On their 18th Saturday cooking lesson, Sue makes Meat Loaf. This is a classic recipe that may be close to the one you know. We are cruising through the 1924 book When Sue Began to Cook, by Louise Weaver and Helen LeCron. If you’re just finding this series and you want to start at the beginning of Sue’s story, click the linked book title to go to the beginning.
Notes from Sue’s Diary on the Best Kitchen Helpers
“Can you guess the names of my two favorite kitchen helpers?” Mother asked us this morning when our lesson began.
(The answer ought to have been “Robin and Sue” but I somehow knew that wasn’t it.)
“Besides my two youngsters of course,” Mother went on with a twinkle in her eye. “Well, I’m thinking of my faithful food chopper and my kind kitchen scissors. I couldn’t keep house without them. Of course we had this meat ground up at the meat market (that is the easiest way when it’s possible) but Sue knows how often I grind up leftover meat for croquettes and meat cakes, and of course I always use the food chopper.”
“The chopper’s good for raisins and figs and dates to go in cookies, too,” I suggested.
“Yes, and for cheese when it isn’t too fresh. It’s much easier to grind it than to grate it. And it’s good for dry bread and crackers, too.”
I nodded my head. It’s my job to keep Mother’s crumb-jar filled. I take the stale ends of the bread from the bread box and put them through the chopper and then into the glass jar we keep for that purpose. “You chop cabbage in the food chopper, too, don’t you Mother?” I added, remembering the cole slaw we had for dinner one day last week.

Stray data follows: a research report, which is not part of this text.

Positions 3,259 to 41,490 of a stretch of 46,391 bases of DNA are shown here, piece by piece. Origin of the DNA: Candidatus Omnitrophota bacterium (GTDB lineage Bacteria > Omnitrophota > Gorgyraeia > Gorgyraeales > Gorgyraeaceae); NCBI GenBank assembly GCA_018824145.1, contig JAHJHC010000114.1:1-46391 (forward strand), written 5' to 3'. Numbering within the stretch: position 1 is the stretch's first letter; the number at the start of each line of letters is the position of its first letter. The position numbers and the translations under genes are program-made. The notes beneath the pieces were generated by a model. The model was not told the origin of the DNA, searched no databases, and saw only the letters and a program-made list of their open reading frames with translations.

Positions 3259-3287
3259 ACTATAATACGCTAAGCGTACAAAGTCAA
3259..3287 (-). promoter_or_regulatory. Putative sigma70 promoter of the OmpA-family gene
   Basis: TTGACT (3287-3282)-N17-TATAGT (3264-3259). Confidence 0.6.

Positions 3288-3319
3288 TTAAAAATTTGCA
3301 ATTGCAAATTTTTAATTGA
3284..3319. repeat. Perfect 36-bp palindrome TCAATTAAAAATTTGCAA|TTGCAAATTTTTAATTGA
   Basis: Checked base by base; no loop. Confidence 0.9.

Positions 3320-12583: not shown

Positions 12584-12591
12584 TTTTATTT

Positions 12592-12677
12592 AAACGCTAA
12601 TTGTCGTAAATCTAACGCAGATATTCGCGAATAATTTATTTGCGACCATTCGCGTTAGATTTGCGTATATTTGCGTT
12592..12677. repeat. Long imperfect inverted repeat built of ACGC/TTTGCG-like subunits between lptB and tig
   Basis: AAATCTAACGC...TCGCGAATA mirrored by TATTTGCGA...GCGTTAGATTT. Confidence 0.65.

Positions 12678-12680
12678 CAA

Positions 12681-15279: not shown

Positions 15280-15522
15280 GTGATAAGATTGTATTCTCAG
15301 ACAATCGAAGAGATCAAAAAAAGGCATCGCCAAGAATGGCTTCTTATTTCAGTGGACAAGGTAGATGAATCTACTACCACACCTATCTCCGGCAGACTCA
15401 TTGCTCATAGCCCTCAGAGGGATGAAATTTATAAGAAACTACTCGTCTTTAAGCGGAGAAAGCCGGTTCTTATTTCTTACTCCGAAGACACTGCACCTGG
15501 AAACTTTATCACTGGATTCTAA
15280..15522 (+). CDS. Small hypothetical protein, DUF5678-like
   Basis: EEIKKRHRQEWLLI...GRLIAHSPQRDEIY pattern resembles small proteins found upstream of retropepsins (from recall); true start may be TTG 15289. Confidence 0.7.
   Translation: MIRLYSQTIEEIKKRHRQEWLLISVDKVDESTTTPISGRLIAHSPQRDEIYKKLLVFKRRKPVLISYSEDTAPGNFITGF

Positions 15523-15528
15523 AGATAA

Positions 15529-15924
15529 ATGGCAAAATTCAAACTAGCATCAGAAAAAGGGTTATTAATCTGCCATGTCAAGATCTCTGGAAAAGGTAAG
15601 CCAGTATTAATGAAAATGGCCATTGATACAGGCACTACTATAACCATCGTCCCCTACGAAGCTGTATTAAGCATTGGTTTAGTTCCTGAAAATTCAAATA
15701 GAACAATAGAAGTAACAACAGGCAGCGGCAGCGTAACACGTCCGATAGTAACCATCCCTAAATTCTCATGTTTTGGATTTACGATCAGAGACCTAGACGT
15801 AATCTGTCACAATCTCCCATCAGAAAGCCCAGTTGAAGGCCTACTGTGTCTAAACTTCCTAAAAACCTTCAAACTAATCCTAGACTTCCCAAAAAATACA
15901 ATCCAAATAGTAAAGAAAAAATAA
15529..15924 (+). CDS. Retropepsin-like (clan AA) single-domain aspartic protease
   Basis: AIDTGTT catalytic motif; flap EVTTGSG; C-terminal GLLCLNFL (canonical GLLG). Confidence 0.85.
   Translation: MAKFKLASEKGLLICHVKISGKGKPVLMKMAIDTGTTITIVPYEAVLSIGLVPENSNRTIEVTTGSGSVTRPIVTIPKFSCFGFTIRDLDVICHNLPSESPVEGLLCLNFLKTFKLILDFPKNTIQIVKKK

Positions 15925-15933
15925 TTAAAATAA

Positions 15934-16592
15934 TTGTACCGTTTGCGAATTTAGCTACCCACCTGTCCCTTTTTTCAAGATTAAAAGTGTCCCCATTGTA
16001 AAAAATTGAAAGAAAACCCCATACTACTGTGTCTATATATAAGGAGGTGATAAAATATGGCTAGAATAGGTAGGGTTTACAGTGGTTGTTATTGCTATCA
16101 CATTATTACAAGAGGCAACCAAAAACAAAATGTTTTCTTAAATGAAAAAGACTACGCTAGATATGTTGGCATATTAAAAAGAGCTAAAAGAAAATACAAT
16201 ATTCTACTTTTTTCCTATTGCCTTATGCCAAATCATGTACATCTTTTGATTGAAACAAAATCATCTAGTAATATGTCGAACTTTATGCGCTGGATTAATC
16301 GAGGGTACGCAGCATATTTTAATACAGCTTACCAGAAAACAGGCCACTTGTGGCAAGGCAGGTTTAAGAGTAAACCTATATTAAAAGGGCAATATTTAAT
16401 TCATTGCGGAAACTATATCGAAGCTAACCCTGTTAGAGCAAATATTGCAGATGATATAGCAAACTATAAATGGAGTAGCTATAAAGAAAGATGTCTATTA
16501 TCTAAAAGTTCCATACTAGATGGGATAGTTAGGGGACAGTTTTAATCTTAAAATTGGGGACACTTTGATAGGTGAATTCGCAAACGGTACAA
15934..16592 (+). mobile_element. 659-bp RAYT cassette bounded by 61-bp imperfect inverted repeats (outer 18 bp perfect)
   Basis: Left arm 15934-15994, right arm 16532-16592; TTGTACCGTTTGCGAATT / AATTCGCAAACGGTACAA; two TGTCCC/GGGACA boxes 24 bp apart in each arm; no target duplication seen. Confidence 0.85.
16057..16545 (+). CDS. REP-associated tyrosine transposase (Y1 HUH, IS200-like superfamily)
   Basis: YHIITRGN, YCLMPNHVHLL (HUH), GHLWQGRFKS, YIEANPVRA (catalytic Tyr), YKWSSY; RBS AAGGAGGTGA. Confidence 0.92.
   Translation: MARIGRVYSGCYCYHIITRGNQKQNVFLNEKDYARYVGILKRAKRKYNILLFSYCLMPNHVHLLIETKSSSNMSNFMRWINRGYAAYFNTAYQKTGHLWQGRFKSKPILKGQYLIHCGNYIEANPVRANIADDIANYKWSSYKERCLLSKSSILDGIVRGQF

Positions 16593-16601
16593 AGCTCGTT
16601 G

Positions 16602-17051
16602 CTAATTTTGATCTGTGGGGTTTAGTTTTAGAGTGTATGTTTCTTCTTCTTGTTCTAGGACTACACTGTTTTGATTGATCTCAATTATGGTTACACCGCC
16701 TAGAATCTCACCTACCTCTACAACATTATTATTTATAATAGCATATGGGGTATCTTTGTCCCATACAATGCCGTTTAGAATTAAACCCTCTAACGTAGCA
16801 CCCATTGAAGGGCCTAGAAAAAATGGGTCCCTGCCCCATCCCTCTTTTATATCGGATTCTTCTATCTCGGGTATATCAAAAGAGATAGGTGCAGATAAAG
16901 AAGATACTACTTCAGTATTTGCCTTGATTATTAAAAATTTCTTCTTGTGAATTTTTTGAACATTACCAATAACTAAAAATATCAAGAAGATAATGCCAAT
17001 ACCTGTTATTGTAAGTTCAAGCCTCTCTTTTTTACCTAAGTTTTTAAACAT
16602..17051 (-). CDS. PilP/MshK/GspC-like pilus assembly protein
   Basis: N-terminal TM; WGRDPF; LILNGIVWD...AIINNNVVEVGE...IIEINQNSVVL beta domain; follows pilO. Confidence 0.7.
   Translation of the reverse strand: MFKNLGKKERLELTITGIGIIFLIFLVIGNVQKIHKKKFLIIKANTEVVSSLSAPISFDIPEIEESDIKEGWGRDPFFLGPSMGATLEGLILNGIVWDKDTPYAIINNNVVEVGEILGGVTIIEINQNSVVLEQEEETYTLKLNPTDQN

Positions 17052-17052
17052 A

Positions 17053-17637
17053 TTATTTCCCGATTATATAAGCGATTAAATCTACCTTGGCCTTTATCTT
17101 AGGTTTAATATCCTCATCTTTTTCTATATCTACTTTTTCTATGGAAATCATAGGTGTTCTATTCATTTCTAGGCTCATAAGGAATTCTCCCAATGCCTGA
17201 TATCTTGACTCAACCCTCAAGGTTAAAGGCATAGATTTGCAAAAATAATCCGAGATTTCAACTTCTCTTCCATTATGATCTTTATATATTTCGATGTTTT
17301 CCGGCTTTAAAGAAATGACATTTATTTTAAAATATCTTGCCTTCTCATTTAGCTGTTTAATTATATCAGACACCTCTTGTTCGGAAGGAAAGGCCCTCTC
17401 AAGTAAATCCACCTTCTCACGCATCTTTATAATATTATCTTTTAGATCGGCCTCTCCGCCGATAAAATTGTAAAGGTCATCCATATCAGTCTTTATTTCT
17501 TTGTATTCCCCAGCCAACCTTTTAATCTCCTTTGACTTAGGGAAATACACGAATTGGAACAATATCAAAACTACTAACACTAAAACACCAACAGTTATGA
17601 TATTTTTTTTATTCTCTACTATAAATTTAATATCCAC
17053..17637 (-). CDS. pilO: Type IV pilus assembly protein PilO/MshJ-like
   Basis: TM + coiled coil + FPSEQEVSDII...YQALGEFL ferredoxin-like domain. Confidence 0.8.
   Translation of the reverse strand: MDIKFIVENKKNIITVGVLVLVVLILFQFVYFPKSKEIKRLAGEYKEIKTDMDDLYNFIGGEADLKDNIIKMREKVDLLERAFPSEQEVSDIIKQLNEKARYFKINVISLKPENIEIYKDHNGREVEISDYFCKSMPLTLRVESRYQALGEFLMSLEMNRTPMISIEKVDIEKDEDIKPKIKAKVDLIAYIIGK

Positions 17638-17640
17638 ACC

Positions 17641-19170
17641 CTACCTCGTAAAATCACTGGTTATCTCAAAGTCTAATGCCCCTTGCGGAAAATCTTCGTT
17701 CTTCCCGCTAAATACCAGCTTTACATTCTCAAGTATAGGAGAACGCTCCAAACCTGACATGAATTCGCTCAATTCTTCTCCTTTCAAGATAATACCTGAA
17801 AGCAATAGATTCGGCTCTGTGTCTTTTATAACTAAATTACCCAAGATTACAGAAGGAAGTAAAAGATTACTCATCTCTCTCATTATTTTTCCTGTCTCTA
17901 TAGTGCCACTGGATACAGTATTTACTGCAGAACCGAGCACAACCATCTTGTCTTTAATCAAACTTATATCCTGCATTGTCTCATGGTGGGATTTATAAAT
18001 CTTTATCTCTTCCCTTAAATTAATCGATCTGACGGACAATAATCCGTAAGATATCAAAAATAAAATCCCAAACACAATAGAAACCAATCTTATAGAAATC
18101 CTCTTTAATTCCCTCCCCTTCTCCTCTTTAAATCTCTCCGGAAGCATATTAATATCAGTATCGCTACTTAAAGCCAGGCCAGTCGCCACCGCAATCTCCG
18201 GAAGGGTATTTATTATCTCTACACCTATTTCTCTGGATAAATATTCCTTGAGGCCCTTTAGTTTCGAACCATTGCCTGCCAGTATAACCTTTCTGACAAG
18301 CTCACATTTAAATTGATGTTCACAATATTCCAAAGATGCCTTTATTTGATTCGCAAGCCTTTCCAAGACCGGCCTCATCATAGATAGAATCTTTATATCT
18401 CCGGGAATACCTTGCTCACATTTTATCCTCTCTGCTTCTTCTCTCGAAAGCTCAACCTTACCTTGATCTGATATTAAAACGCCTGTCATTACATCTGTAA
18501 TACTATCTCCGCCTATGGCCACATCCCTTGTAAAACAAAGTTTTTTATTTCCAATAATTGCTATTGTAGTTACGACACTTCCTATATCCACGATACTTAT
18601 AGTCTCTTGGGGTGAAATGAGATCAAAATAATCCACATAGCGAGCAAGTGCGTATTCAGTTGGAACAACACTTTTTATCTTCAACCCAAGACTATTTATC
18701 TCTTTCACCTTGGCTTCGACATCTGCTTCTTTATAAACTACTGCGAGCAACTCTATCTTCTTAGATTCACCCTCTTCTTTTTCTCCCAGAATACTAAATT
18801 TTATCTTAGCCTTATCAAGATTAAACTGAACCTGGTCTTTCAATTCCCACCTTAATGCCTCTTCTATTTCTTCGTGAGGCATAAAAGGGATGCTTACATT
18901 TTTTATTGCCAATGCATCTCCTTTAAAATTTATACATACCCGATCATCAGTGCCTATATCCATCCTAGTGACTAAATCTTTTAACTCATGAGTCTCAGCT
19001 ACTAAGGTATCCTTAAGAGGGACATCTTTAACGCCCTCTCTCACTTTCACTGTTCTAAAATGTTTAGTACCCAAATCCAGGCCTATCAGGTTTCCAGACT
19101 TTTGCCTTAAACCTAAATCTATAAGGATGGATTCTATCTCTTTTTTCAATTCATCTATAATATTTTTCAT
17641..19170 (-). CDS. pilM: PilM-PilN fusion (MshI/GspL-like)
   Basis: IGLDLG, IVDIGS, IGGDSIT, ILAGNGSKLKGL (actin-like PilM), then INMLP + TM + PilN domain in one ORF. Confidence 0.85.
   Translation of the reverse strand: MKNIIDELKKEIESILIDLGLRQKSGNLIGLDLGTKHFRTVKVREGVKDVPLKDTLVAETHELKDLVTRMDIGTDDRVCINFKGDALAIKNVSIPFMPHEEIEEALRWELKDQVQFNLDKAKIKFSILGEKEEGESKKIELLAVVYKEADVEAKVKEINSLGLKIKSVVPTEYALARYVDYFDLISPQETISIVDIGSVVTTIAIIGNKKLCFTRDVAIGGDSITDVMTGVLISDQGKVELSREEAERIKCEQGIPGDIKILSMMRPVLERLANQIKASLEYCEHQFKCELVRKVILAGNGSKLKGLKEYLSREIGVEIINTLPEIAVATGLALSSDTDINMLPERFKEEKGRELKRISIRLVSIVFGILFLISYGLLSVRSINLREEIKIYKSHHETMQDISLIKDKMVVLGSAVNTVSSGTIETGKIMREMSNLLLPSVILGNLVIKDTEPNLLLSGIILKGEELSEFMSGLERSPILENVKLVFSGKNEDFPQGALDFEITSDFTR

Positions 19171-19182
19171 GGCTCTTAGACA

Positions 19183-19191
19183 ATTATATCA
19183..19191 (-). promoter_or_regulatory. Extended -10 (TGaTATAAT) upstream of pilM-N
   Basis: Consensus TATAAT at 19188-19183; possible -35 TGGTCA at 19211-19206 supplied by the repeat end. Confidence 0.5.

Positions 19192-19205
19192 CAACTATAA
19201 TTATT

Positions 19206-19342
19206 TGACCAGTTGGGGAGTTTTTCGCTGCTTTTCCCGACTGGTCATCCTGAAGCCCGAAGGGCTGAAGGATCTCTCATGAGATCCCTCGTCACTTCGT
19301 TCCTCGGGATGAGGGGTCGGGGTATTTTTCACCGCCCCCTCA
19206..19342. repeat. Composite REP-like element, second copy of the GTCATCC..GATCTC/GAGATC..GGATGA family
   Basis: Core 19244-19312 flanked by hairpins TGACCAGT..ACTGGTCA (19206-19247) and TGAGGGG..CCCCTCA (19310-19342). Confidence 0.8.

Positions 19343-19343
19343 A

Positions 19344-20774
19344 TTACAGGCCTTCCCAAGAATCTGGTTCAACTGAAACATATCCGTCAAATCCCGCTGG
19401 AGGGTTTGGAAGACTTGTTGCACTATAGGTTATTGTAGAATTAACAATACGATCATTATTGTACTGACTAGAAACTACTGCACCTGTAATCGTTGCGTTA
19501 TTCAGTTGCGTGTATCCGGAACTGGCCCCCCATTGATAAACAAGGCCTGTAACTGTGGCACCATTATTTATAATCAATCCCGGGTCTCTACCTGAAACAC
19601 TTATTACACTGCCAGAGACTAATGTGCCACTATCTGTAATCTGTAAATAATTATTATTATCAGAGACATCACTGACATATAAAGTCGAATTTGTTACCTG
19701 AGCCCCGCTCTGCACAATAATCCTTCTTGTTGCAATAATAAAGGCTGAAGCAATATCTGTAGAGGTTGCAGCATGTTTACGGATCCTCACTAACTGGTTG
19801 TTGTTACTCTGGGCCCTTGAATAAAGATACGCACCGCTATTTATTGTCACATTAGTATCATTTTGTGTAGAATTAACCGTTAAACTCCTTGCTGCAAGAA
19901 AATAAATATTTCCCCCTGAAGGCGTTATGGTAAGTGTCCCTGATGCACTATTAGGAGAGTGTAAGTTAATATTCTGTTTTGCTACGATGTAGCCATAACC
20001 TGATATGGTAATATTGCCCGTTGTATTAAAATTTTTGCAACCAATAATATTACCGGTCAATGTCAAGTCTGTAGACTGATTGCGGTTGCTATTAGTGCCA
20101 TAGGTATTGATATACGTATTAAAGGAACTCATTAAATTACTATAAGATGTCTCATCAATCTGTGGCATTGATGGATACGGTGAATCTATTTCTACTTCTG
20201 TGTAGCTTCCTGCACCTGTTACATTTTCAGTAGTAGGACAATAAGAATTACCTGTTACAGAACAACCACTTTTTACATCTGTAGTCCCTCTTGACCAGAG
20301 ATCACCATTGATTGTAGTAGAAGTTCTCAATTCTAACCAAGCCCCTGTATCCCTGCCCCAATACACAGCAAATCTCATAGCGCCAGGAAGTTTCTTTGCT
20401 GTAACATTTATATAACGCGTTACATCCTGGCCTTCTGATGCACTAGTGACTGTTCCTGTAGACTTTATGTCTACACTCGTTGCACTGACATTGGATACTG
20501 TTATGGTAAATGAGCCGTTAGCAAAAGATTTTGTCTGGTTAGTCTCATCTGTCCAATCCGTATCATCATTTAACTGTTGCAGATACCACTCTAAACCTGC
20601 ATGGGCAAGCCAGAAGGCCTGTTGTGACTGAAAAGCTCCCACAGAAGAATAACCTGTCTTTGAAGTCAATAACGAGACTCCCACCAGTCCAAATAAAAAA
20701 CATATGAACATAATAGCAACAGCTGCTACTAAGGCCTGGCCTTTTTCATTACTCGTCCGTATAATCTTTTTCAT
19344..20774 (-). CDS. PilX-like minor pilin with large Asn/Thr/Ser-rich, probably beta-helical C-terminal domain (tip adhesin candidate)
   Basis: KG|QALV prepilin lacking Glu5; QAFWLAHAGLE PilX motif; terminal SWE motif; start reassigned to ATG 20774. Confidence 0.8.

“Yes, and for dozens of other things. But the kitchen scissors are just as convenient. I use them to cut up parsley and to shred lettuce, and to cut up green and red peppers for garnishing.”
“And for cutting off the pie dough around the edge of the pan,” I said.
“Yes, and for cutting up the fruit for salad or for a fruit cup,” Mother said. “You know the food chopper would press too much juice out of the fruits.”
“But how in the world do you ever get the chopper clean after you’ve used it, Aunt Bettina?” asked Ruth Ann.
“Well, after this lesson I’ll show you girls just how to take it apart and put it together again,” Mother answered. “And of course it has to be washed just like any other kitchen tool. But to clean it quickly I always run a piece of dry bread through it. In fact, I never use it for anything without putting a piece of bread through first. The bread takes up the odors of any stray piece of food that may have lodged in it.”
Sue’s Meat Loaf
- 2 cups round steak, ground up The butcher ground it. (We would call this hamburger.)
- ½ cup pork butt, ground up The butcher ground it. (Ground pork would work fine. ¼ lb is plenty.)
- 1 cup cracker crumbs
- 1 tsp salt
- ¼ tsp pepper
- ¼ tsp celery salt or use ⅛ tsp celery seed to limit the salt
- 1 tbsp onion, chopped fine
- 1 egg, lightly beaten
- ½ cup milk
- 1 tbsp melted butter
- Mother had us each put our round steak, pork butt, cracker crumbs, salt, pepper, celery, salt and onion in a big bowl and mix it all up together as well as we could with a spoon.
- Then we beat the egg and added the milk and poured that into the bowl, too. We mixed it all just as well as we could.
- Then we buttered a loaf-cake pan. We dipped a little clean brown piece of paper in some butter to do it. And then we emptied our meat mixture into the cake pan. Mother had us wash our hands and then pat the meat mixture into kind of a loaf shape in the pan.
- Then we melted the butter and poured it all over the top of the loaf to make it get brown and nice.
- We each popped our loaf into a hot oven and turned down the heat to make a moderate oven of it. And then we baked our loaves forty-five minutes by the clock. When we took the meat out, it was crusty and brown, and looked dee-licious!Note: Hot oven = 425 degrees, Moderate oven = 375 degrees.